More and more, designers are thinking about the environmental impact of their work. From the use of recycled materials in furniture to low-VOC paints, the industry has made leaps and bounds in the last few years. But there is a long way to go: a staggering 1.6 million tonnes of furniture and bulky waste still ends up in landfill in the UK every year. Here to raise awareness, funds and provide a solution to the problem is The Crossover Project.
Set up this year by design journalist Roddy Clarke and Aurélia Islimye, founder of avant-garde art gallery Bleur, The Crossover Project is designed to fight waste by using art as a force for change. The initiative’s strategy is simple, but effective: to harness the waste produced by design and fashion brands, then ask emerging artists to rework these unfamiliar materials and transform them from potential landfill into bespoke artworks.
Clarke and Islimye have hand-picked a roster of exciting artists represented by Bleur and tasked them with creating pieces from a collection of surplus materials donated by design brands, furniture designers and fashion houses. Best of all, the resulting works are all available as part of an online auction until 29 July – so you can buy a unique piece of design history while contributing to a world-saving concept at the same time.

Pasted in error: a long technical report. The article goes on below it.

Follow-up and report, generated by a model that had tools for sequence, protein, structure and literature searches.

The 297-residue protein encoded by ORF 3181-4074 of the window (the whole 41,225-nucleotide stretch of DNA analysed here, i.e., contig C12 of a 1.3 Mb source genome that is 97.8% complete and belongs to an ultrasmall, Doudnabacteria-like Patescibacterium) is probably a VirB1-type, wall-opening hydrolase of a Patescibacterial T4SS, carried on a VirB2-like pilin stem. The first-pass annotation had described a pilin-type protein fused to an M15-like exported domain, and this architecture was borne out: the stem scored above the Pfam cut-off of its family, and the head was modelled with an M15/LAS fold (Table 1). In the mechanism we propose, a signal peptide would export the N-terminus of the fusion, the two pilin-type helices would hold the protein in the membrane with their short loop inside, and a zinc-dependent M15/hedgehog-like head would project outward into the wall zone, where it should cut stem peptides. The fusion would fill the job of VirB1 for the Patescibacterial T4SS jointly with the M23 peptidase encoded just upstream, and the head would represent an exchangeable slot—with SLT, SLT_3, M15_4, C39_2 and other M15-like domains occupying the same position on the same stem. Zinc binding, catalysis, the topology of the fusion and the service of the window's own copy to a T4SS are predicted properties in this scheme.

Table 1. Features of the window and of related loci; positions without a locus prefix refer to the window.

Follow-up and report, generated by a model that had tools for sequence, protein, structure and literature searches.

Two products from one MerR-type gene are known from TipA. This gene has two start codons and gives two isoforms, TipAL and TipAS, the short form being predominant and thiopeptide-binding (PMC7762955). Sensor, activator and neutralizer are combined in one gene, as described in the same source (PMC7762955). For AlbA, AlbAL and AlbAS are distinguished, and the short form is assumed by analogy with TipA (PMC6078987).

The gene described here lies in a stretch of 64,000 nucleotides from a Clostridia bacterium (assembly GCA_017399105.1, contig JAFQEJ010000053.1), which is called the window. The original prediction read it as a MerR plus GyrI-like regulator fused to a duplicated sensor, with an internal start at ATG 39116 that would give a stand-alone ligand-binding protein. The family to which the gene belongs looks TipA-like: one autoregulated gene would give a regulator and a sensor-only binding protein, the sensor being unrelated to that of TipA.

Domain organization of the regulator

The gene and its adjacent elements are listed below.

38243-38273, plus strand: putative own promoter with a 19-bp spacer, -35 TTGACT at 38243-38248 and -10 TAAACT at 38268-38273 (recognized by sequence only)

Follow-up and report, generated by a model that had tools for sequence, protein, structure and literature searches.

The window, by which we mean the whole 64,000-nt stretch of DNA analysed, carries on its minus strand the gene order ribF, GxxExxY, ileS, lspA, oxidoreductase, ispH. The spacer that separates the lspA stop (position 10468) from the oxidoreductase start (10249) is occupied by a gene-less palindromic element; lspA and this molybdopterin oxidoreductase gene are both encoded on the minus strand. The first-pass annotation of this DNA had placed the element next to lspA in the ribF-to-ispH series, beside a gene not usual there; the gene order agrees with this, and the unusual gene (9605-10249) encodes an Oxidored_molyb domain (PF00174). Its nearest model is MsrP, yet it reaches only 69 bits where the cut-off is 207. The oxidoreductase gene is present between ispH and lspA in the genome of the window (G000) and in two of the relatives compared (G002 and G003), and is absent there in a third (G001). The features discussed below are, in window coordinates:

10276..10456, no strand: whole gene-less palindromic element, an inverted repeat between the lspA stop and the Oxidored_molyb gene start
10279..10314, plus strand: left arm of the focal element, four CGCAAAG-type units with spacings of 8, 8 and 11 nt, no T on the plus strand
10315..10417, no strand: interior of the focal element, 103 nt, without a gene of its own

The pieces range from a discarded jacket, painted and redesigned by Emmanuel Unaji, to Sophie Rawlingson’s intricately mosaiced wood and the mixed media collages of Beth Fraser, which use wood shavings and linoleum from Grain, found papers, Elephant magazines and Graphenstone surplus paint.
All the pieces were shown in an exhibition at The Royal Exchange in London. A portion of the profits from the auction will be donated to support the work of the Ellen MacArthur Foundation, dedicated to building a circular economy.